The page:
“My Parents Open Carry” is the story of a typical Saturday for 13-year-old Brenna Strong, running errands with her parents while they carry handguns in plain sight, or “open carry.”
“If you open carry and have a difficult time explaining why to your family and friends, or if you want to learn about the open carry of a handgun, or if you’ve wondered if open carry is right for you, then this book is what you need,” is how the book’s website sums up the plot.
Published by White Feather Press, the book was made available in 2012 on limited release and picked up by Amazon in February of this year.
Its appearance on “Real Time” on August 1 increased sales dramatically, with orders pouring in, according to White Feather Press founder Skip Coryell.
“Sales were weak for the first few years,” Coryell said. “But after it was trashed on the show, sales have gone up.”
“It happened overnight,” he said. “Took me by surprise as a publisher.”
The book was featured on the “New Rules” portion of Maher’s show, during which Maher commented on the book’s cover illustration, asking “if mom and dad are both safe because they’re packing, why are they using their daughter as a human shield?”
Open carry has been a hot topic of conversation with several state legislatures debating its merits. Georgia recently passed legislation that allows gun owners to openly bear firearms in public places, such as bars, schools and churches.
On Amazon, “My Parents Open Carry” has a total of 115 reviews. All but 11 of them are one-star or five-stars, and many of the reviews have been posted in days following the show. Most of the reviewers admit to not having read the book.
Some say they have, though, such as “Ken,” who posted a five-star review on August 5:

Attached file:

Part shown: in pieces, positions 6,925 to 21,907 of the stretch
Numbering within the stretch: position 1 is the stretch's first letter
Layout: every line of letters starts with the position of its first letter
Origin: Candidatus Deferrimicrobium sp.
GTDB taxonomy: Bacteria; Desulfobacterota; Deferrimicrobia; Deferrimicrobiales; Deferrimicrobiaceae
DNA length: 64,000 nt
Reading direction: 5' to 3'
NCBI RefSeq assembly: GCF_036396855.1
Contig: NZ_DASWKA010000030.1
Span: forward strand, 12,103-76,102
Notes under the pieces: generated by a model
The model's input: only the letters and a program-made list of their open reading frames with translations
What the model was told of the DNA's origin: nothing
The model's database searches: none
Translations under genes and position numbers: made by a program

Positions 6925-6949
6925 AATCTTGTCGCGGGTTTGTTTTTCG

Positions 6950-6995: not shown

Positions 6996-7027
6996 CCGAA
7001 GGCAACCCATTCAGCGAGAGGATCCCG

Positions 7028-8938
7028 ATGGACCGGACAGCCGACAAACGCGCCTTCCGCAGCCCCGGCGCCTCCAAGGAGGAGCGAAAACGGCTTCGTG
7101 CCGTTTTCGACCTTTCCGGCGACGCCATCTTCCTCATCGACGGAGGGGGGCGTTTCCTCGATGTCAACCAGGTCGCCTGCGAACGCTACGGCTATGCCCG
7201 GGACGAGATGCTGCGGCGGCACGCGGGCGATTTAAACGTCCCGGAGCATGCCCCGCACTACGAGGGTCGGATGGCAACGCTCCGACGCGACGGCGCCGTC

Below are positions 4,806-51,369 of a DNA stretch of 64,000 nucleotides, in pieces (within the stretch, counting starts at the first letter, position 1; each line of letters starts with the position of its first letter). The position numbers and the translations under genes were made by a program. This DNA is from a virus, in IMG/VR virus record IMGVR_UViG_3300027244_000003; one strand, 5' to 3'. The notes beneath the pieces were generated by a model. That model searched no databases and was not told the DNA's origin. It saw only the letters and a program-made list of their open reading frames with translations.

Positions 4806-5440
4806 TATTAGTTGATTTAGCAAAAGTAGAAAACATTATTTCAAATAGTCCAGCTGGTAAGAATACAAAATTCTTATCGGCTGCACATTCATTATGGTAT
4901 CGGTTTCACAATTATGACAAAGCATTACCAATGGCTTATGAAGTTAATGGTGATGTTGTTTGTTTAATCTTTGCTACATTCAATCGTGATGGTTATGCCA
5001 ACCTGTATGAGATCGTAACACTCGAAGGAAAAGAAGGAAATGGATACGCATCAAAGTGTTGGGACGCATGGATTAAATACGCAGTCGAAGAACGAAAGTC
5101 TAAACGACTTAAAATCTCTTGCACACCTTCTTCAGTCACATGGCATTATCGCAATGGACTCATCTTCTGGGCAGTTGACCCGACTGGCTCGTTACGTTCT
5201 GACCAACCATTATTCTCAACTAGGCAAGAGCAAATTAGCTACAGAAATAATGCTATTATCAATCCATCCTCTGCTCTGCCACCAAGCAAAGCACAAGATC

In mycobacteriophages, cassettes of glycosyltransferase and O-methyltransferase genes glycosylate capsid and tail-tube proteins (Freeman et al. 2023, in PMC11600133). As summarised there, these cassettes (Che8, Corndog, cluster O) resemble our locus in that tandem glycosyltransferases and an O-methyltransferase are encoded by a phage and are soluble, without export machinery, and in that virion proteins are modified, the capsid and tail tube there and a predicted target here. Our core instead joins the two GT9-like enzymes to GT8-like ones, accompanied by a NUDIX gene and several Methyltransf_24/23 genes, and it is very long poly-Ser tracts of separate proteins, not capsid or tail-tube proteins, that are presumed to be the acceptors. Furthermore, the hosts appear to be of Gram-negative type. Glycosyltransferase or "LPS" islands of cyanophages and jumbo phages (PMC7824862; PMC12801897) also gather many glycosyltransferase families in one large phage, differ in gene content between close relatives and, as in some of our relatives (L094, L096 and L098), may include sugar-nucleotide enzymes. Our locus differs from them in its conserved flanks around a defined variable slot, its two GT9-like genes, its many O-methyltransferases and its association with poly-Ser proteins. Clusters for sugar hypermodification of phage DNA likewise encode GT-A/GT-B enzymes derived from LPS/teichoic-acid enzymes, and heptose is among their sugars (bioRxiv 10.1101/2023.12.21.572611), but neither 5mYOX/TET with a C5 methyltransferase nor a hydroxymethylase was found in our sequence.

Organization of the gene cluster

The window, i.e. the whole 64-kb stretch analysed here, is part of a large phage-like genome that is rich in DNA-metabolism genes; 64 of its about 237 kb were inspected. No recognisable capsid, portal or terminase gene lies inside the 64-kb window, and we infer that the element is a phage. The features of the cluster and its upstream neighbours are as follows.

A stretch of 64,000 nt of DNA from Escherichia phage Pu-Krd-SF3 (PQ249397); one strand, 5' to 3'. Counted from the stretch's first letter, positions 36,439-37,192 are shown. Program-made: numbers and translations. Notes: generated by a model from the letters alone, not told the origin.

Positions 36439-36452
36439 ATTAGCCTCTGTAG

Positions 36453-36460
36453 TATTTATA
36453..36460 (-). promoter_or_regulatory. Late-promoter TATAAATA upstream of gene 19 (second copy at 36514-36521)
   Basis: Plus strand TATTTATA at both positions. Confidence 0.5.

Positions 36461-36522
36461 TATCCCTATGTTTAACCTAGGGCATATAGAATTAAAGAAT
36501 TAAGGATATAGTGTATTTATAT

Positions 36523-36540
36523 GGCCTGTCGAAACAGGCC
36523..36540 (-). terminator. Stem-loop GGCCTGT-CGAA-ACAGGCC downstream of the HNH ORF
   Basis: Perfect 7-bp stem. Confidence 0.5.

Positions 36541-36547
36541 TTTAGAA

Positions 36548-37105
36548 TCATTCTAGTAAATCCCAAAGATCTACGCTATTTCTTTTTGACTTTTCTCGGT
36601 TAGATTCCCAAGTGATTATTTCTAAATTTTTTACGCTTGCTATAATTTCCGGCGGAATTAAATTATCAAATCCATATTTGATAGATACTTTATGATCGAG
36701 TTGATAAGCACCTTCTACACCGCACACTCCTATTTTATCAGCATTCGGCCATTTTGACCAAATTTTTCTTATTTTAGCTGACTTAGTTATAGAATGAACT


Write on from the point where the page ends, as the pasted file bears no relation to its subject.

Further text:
“I did purchase the book and found it to be very helpful to my daughter. She was able to easily relate to the characters and apply their situation to our family. I would recommend this book to anyone that carries a firearm with kids ages 5-10.”
The authors, Brian Jeffs and Nathan Nephew, are founders of the nonprofit group Michigan Open Carry, Inc. When they started the group in 2009, Jeffs said that it wasn’t widely known what open carry was, or that it was legal in the state.
“Our organization provided educational materials and seminars on the legality of open carry,” Jeffs said. “We answered many of the same questions over and over as well as debunked the myths surrounding the practice.”
Jeffs decided that they should write a book answering the most common questions they got about open carry. “Since so many books were for adults, I thought a nice change would be a kid’s book.”
As expected, the reactions to the book have been mixed, and Jeffs said he’s gotten death threat e-mails from anti-gun critics.
Despite the threats, the authors already have plans to write a sequel to the book, and Nephew is working on an outline.
According to the book’s website, the illustrator, Lorna Bergman, is also from Michigan, and enjoys deer hunting and shooting.
“While we strongly support providing children with information that will protect them from gun violence, this book crosses the line from information into the realm of indoctrination,” a representative from Parents Against Gun Violence told CNN in an e-mail. “We welcome material that makes children safer from gun violence, but this book is not it.”